It’s New Year’s Eve in the mid-seventies. It’s after the gig, not yet midnight, and I’m driving the group back to the hotel in a Hertz rental car. The Dayton airport Hyatt isn’t the most upscale hotel, but it’s not a dive either. Besides, the band has a flight to Baltimore tomorrow, January 1, so it is convenient.
The band are the British rockers Wishbone Ash and so far the tour is going well. They are headliners playing coliseums and the band is tight, and they are really cooking. Their albums are big sellers: Wishbone Ash, released in 1970. Then came Pilgrimage (1971), followed by Argus (1972), Wishbone Four (1973), There’s the Rub (1974) and New England in 1976. They are noted for their use of twin lead guitars playing in harmony (like Dickey and Duane in the Allman Brothers) with a mixture of hard rock, blues and other influences to create a unique progressive rock sound. Iron Maiden, Lynyrd Skynyrd, Thin Lizzy and Metallica have cited Wishbone Ash as an influence.
The other band on the tour, Wishbone’s opening act, is Eric Burdon and War. War is a mostly black fusion funk group with a smooth rhythmic sound. The only other white guy in the group besides Burdon is harmonica player Lee Oskar, and he’s not American, he’s from Europe. Lee’s wailing harmonica playing and especially his soloing fits beautifully with War’s funk/rock/Latin sound. Another unusual addition to War is the conga/percussion player, an older guy, Thomas “Papa Dee” Allen. He had played and toured with Lenny Bruce. For Lenny, Papa Dee was punctuation, Bada Boom.
This is before War had their own breakout hit records and went out on their own without Burdon. When War did go on tour as headliners. They had a string of hit singles and successful albums, with hits like “Cisco Kid,” “Low Rider,” “Me and Baby Brother,” “Why Can’t We be Friends” and the smash, “The World Is a Ghetto.”
After dropping my coat on the bed and hiding nearly $8,000 in cash in my room, I hit the hotel’s hallway looking for the party. Everyone, including road crew from both bands, has rooms on the first floor. For this night I booked 17 rooms and because of that bulk booking, I was able to negotiate the free use of a meeting room for our New Year’s Eve party.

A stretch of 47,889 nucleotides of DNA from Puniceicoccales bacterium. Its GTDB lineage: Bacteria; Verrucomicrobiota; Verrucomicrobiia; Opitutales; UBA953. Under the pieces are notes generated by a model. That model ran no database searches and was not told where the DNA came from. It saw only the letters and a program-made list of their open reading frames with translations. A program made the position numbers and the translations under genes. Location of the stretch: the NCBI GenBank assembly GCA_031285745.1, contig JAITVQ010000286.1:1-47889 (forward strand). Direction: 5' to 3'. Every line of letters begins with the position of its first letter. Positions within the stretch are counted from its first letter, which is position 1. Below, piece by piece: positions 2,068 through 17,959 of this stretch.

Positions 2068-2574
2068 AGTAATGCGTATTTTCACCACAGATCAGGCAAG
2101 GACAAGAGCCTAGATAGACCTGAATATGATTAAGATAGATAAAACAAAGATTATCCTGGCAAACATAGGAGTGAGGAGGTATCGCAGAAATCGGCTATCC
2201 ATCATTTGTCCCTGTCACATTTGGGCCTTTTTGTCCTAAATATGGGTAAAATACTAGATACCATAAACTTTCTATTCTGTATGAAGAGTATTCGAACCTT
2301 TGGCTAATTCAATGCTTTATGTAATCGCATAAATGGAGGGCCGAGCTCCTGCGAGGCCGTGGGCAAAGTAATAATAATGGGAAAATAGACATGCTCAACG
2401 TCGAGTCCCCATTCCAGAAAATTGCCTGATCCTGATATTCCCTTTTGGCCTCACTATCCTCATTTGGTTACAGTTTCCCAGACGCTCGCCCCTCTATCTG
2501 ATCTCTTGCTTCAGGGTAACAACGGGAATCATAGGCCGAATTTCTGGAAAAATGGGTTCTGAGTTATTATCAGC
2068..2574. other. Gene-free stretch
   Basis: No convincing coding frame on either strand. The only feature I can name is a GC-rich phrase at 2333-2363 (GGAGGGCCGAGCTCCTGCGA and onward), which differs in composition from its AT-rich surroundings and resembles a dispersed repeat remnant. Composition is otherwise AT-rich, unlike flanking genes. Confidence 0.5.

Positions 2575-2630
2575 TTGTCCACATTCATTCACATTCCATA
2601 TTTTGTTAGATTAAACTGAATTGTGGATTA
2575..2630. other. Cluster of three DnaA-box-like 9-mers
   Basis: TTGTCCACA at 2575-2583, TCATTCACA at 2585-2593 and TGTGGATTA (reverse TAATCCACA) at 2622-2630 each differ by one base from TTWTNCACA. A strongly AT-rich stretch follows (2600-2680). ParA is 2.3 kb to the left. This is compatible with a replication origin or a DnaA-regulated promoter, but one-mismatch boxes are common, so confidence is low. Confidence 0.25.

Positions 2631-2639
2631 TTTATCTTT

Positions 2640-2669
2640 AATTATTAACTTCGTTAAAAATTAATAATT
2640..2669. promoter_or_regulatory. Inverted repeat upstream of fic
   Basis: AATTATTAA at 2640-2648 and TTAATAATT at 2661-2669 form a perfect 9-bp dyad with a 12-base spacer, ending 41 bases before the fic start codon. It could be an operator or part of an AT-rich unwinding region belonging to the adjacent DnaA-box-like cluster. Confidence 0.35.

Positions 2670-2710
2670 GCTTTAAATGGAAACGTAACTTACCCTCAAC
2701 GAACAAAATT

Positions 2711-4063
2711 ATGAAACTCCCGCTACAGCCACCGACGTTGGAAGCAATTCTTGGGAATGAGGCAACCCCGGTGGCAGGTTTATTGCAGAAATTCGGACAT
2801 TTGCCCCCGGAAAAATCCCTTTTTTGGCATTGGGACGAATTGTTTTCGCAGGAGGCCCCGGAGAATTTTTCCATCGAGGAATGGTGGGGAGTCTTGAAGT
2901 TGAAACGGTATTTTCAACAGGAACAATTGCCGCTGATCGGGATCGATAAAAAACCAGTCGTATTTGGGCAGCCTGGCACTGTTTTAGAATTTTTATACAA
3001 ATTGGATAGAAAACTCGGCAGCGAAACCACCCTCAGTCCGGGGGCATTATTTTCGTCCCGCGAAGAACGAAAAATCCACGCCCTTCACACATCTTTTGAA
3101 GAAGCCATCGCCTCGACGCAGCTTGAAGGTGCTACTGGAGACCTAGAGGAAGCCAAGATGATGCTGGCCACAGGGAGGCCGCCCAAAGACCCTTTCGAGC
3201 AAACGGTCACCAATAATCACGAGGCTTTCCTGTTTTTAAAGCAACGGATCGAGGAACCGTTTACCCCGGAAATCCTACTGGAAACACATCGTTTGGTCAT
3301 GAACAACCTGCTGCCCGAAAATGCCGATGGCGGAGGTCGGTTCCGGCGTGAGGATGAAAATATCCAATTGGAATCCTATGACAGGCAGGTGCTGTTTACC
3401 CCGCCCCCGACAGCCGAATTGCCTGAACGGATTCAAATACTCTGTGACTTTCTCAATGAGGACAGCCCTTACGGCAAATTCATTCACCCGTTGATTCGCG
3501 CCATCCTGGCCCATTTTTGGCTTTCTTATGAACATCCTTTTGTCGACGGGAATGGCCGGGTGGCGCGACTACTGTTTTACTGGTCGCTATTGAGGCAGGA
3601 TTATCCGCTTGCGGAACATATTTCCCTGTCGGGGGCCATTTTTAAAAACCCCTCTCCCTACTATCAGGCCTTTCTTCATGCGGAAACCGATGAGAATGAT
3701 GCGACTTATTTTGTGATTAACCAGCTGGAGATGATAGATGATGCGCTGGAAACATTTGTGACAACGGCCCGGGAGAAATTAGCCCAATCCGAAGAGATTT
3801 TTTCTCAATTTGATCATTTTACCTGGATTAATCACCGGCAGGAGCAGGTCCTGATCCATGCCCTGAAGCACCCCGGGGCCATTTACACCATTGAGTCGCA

I walk into the meeting room. Eric is there and he kind of knows me from six years earlier when we were neighbors in Laurel Canyon. Back then Eric was always on tour with the Animals and I hardly ever saw him. The Animals (later, Eric Burdon and the Animals) were part of the 1960s British Invasion and they had hits, boy did they have hits. “The House of the Rising Sun,” “Help Me Girl,” “Mama Told Me Not to Come” (written by Randy Newman and much superior to Three Dog Night’s later version), San Franciscan Nights,” “Sky Pilot” “When I Was Young” and “Don’t Let Me Be Misunderstood,” and those are just some of them.
As I enter the big meeting room Eric walks over to me and, while wishing me a Happy New Year, hands me a Quaalude. Eric Burdon and War had joined the tour as Wishbone’s opening act just after Christmas, and what a week it’s been. Just one example:
A few days previously we were playing Dothan, Alabama. The morning after the gig both groups are at the Dothan airport. All of us are walking across the tarmac to the Piedmont Airlines plane. As we’re walking to the boarding steps we pass two Alabama state troopers leaning against their patrol car. They’re both big men, six foot six and around 250 pounds, in their twenties and athletically built, probably former college ballplayers.
As we walk by them one of them says, “nice show last night, Eric!” Then he shouts out a slur against some of the band members. Eric gives them the finger and says “screw you.” Although both the troopers laughed, I won’t lie; considering the time and the place I was more than a little unnerved by this.
Everyone boards the plane and Eric is wired up from this exchange. It doesn’t help that he is so drunk and belligerent that he won’t take his seat. The pilot calls the tower, the tower calls the cops and don’t you know it, those same two state troopers board the plane. One cop grabs Eric by his armpits and the other grabs his legs behind his knees, and the two of them carry Eric cussing and fussing off the plane, which takes off without him.